CXO

How SMBs can compete against enterprises for tech talent: 5 tips

SMBs face many challenges drawing developers and engineers away from the Googles of the world. Here's how they can make their advantages clear during the hiring process.

The ongoing war for tech talent often has left many SMBs and startups to compete with major enterprises for developers, engineers, and other specialized technical positions. While this may be intimidating, SMBs can offer job candidates a number of benefits that large corporations cannot, and must make those advantages clear during the hiring process.

For any organization looking for talent, the major challenges are whether people know you exist, and whether you are able to articulate why it is an interesting place to work, more so than size alone, said Claire Alexander, general manager of Capterra.

"Smaller companies really benefit from the notion of potentially being the next big company," Alexander said. Many tech job candidates are excited to potentially be involved in a tech growth story, and to have a relatively close-knit worker community compared to a larger company. There are also more opportunities to learn quickly in those situations, compared to a more bureaucratic environment, Alexander said.

SEE: IT Hiring Kit: Programmer (Tech Pro Research)

"People want to be known, and to feel like they're having an impact, and that can differentiate you from the big guys," Alexander said.

Here are five tips to help SMBs in the war for tech talent.

1. Manage expectations

For smaller companies, tech hiring is all about expectations, said Stephanie Wernick Barker, chief revenue officer of recruiting firm Mondo. "They either need to hire high and invest in high-level, expensive talent," she said. "If that's not an option due to budget constraints, go low and sacrifice on skills initially by hiring more entry-level experts that can be trained and developed for the role."

Another option is to hire high-level talent on a freelance or contract basis, to get those workers in for fewer hours, Wernick Barker said. This may be the best strategy for competing against larger brands, since more niche tech talent is turning to consulting, she added.

"The key is to do the research and realize the current state of the market and the benefits having an established name provide when it comes to recruiting top talent," Wernick Barker said. "Understanding what SMBs are up against when competing with larger names will help them identify the best hiring strategy for their needs."

2. Tighten the hiring process

"If you can't rely on an employer brand like Google—which is most of us—focus on creating a decisive interview process that doesn't have any redundancies," said Kitty Brandtner, director of major of accounts at tech recruiting firm LaSalle Network. "Given the tight labor market we're in, interview processes need to be quick and efficient, and make sure everyone involved in the process is aligned and on the same page."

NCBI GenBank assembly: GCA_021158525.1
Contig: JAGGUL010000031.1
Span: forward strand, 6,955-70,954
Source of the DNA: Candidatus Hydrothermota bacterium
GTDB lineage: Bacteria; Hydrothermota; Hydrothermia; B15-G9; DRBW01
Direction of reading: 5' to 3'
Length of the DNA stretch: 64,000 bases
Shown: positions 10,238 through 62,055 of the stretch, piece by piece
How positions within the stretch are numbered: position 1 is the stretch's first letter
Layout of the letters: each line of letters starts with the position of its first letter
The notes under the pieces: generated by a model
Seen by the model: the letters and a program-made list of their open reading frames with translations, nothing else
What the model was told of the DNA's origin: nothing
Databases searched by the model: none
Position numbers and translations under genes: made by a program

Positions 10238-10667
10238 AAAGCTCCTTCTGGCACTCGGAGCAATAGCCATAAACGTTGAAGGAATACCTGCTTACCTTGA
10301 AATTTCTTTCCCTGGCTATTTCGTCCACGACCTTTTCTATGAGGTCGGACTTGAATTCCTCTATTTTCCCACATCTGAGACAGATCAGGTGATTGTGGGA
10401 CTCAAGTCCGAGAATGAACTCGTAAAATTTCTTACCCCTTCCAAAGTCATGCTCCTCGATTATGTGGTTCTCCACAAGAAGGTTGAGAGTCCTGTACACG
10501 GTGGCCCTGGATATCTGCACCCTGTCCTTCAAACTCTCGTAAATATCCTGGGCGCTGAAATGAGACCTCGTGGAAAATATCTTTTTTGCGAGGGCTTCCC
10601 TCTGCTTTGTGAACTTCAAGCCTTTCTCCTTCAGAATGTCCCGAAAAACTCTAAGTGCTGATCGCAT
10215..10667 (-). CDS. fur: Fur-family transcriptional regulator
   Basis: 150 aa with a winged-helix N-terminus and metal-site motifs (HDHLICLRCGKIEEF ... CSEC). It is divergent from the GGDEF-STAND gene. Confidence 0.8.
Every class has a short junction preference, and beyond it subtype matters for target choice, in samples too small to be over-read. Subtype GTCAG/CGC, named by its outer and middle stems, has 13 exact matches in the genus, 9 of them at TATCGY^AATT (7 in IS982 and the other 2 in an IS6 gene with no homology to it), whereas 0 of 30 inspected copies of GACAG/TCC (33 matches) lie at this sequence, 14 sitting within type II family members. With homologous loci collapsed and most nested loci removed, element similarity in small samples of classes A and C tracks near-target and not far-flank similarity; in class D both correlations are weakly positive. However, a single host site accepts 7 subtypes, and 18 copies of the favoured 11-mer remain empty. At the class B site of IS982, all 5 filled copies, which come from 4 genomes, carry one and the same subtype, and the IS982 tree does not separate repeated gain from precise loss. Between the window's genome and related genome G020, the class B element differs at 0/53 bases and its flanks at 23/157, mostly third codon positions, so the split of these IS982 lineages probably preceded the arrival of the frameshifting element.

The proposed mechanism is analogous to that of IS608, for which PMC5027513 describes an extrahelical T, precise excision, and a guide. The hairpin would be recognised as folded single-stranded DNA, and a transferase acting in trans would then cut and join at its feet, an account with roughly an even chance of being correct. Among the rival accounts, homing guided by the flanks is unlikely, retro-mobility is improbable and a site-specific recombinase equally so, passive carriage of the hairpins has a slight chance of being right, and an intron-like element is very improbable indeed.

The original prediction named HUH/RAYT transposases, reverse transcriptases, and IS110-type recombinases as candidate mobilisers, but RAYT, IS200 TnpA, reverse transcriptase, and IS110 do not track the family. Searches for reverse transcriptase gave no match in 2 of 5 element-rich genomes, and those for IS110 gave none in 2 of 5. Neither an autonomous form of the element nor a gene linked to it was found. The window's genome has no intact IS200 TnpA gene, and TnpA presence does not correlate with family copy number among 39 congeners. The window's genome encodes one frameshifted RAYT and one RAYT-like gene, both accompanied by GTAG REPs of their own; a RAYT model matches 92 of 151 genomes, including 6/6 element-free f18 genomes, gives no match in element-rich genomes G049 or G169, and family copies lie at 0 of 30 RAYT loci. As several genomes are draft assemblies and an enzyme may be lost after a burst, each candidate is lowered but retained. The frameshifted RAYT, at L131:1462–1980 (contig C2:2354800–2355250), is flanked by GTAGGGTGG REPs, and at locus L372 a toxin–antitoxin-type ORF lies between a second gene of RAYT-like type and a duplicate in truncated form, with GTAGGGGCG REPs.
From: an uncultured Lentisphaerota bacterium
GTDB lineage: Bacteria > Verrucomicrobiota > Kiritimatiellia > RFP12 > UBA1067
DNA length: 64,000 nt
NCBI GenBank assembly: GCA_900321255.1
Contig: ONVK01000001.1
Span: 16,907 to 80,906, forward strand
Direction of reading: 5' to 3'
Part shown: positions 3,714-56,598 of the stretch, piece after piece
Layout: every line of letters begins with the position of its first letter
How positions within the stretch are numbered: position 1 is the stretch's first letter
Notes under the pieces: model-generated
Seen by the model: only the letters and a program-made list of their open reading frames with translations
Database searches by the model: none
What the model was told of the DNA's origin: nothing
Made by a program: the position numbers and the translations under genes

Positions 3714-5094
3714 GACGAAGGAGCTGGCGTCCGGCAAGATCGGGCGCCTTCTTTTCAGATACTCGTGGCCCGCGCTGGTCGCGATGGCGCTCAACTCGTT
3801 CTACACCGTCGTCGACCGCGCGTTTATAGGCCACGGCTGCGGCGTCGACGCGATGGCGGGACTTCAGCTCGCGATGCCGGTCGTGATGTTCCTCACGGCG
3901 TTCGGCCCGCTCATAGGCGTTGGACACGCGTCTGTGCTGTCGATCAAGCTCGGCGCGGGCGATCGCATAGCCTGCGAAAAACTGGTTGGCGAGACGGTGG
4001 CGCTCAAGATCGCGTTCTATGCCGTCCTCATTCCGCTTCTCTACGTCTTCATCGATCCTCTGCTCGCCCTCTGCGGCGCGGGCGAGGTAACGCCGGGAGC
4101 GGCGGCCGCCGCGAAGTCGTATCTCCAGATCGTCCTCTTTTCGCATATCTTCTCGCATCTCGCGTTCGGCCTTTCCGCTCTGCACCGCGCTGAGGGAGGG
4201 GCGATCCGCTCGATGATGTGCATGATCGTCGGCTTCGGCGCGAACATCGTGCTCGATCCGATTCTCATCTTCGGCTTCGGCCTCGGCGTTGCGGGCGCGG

Tech talent appreciates when companies know what they are looking for in a job candidate, Brandtner said. "When companies drag their feet or have an absurd amount of interview rounds to go through, candidates will pull themselves out of the process, or simply take another job," she added.

SEE: IT jobs 2018: Hiring priorities, growth areas, and strategies to fill open roles (Tech Pro Research)

3. Consider remote workers

If the responsibilities of a role don't require the person to be in the office, SMBs should consider making that role remote to some degree, Brandtner said. "Talent is looking for flexibility, so promote a work-from-home option in the job description whenever possible," she said. "You'll widen the candidate pool significantly as a result."

4. Get involved locally

"If you're in tech and you're a small company, it's potentially not that hard to attract talent if you have a pipeline, if people know you," Alexander said. "The hardest thing for small companies to attract talent is just being known by the employable population coming straight out of school."

SMBs can strengthen their brand by getting involved in local tech associations or meetups, whether its hosting or attending them, Brandtner said. "It's a great way to meet candidates and get your brand name out there with the ability to tell your brand's story," she added. "The more you attend, the more your company name will be in front of the candidate pool. Repetition is key and is what will make your brand stick."

5. Offer the latest tools and education

If you can't offer the high salary that a larger company may be able to, be sure you have the latest software or technology tools for your workers, Brandtner said. Another option is to pay for a certification or class for them to learn or brush up on a skill.

istock-692292412.jpg
Image: iStockphoto/jacoblund

About Alison DeNisco Rayome

Alison DeNisco Rayome is a Staff Writer for TechRepublic. She covers CXO, cybersecurity, and the convergence of tech and the workplace.

Editor's Picks

Free Newsletters, In your Inbox